Mui’s performance (as both the Emperor and the Emperor’s ancestor, a friendly but incompetent ghost) is firmly in the huangmei tradition of women playing men’s roles, though she doesn’t do any singing (the only diegetic songs are sung in chorus, during interstitial shadow puppet sequences which mostly serve to relate battle sequences which take place away from the film’s few studio sets), and Cheung plays both male and female versions of herself (as a fairy she doesn’t have a human gender: in fact she’s basically just a giant anthropomorphic fox). She’s a man when pursuing Wu Yen, and a woman when pursuing the Emperor. Sammi Cheng only plays one character, but Wu Yen, as the best warrior (and athlete) in the kingdom as well as the prettiest woman, presents a kind of synthesis of the best stereotypical traits of “men” and “women”, opposed to the negative traits embodied in the fairy (deceit) and the emperor (lustiness). (Lam Suet’s mincing Prime Minister is another matter altogether).

There’s probably something to the fact that Sammi Cheng is still obviously gorgeous despite the mark on her face, something about how we tend to over-exaggerate minor blemishes in even the most ideal people. An even more pessimistic truth comes with the film’s indecisive conclusion. Rather than choosing one or the other, the three remain locked in their unresolvable triangle in perpetuity: it will always be the fairy when things are good and Wu Yen when things are bad.

Love on a Diet (2001) — February 28, 2013

Wai Ka-fai is Charlie Kaufman without the self-loathing

Narrative games as a reflection of fractured Chinese identity. Hong Kong split between Britain, China, and itself; Taiwan as China/Not China (see also Hou Hsiao-hsien’s blurring of fact and fiction in The Puppetmaster and Good Men, Good Women). There’s the official story and there’s reality and they are not the same though they interact and are inseparable. Wai’s characters move freely between the two, they’re not oppressed by unreality.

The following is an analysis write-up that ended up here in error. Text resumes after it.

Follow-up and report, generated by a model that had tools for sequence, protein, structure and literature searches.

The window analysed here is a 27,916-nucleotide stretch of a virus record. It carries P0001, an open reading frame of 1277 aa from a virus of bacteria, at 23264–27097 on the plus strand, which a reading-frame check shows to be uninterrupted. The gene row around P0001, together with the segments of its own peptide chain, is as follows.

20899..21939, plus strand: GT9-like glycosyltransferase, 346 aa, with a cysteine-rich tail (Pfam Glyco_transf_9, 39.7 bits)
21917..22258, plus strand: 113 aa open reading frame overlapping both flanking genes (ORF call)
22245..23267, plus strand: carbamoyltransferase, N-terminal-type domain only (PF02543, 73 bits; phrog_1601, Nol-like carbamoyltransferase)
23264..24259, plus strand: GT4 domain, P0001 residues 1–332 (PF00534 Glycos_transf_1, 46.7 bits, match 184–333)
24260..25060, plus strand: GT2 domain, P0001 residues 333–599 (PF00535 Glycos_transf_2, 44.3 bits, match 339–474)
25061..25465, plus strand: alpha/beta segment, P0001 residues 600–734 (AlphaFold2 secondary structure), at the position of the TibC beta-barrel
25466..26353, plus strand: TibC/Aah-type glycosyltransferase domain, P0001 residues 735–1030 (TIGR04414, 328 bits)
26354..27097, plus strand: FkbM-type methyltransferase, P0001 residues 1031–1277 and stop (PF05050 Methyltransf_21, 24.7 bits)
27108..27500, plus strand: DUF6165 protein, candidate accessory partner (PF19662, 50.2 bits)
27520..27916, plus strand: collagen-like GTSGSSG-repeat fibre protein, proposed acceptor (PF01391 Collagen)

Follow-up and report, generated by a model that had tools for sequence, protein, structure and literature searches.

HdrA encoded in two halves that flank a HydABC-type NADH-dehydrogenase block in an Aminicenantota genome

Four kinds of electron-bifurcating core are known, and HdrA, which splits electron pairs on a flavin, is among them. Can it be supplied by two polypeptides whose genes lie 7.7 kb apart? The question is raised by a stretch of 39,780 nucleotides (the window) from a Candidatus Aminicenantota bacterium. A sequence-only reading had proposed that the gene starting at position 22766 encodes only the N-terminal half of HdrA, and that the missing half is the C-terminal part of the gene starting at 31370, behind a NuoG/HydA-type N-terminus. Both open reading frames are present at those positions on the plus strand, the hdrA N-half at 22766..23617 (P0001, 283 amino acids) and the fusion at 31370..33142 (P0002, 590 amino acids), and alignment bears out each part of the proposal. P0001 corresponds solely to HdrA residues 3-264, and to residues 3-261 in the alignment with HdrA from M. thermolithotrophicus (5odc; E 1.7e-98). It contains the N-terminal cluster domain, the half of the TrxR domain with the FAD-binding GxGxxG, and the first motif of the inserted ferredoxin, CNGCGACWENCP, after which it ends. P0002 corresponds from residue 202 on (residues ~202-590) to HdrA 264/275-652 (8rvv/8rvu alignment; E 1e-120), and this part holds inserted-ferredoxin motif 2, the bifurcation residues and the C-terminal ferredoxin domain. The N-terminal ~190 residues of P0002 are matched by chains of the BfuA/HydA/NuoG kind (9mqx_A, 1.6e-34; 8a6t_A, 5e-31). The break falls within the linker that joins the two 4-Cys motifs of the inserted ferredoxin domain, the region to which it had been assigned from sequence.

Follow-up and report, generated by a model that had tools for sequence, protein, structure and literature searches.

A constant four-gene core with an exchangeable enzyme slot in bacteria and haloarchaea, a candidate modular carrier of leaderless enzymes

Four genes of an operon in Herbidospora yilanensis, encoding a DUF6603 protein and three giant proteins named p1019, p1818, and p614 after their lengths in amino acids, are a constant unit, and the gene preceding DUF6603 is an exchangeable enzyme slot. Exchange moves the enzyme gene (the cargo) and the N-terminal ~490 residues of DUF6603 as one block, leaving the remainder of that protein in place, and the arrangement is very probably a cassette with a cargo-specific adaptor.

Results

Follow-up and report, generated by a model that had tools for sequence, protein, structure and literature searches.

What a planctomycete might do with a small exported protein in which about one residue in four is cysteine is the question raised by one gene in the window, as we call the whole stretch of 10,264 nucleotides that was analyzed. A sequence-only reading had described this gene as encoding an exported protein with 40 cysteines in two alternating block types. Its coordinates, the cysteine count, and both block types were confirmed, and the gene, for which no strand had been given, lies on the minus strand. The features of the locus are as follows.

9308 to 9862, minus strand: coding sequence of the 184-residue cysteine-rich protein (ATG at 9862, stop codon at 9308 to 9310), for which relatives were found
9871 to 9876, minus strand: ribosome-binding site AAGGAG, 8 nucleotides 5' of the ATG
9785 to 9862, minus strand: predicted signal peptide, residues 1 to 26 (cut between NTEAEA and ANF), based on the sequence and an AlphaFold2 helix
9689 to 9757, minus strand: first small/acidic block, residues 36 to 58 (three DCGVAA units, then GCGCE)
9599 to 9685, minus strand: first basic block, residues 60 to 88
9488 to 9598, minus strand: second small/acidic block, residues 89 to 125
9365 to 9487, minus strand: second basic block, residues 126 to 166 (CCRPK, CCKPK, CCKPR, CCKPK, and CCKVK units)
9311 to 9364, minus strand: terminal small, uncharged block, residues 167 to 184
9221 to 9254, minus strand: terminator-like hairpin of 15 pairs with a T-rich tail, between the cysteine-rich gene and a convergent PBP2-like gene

Wai gives postmodernism a happy face, as opposed to the nihilism of Kaufman, or even (at times) Tarantino or the Coens. The lack of a stable reality creates a free space for play. Allows contradiction, paradox to achieve the impossible (for example: Written By, where the creation of multiple narratives allows the characters to transcend death).

Game-playing is essential in Johnnie To’s films, his characters are always in conflict with “the rules”. In his Triad films, it’s the ideals of honor, nobility among thieves (in conversation with Kurosawa’s critiques of the samurai ethos, as well as Buddhism (but not John Woo’s Christianity), and the films tend to end tragically. In the comedies, mostly in collaboration with Wai, the rules are the very structure of reality itself. It bends, allowing the characters their happy endings. Some films lie in-between and their endings are mixed (Running Out of Time 1 and 2, Running on Karma), some start as one kind of movie but end up as the other (Throw Down, Life Without Principle).

Fat Choi Spirit (2002) — February 16, 2018

The only sports movie that really believes and fully understands the idea that it doesn’t matter if you win or lose. It doesn’t even matter that I have no idea how to play the game.

Thinking that this and Running on Karma are together the key works in the Johnnie To/Wai Ka-fai collaboration. Karma the serious drama compliment to the sunny good cheer of the New Year comedies. Both are about letting go of personal attachment and understanding that we are not in control. In Karma, we’re governed by fate, in Spirit, it’s chance. The combination of the two, fate expressing itself through chance, is the essence of To and Wai’s work.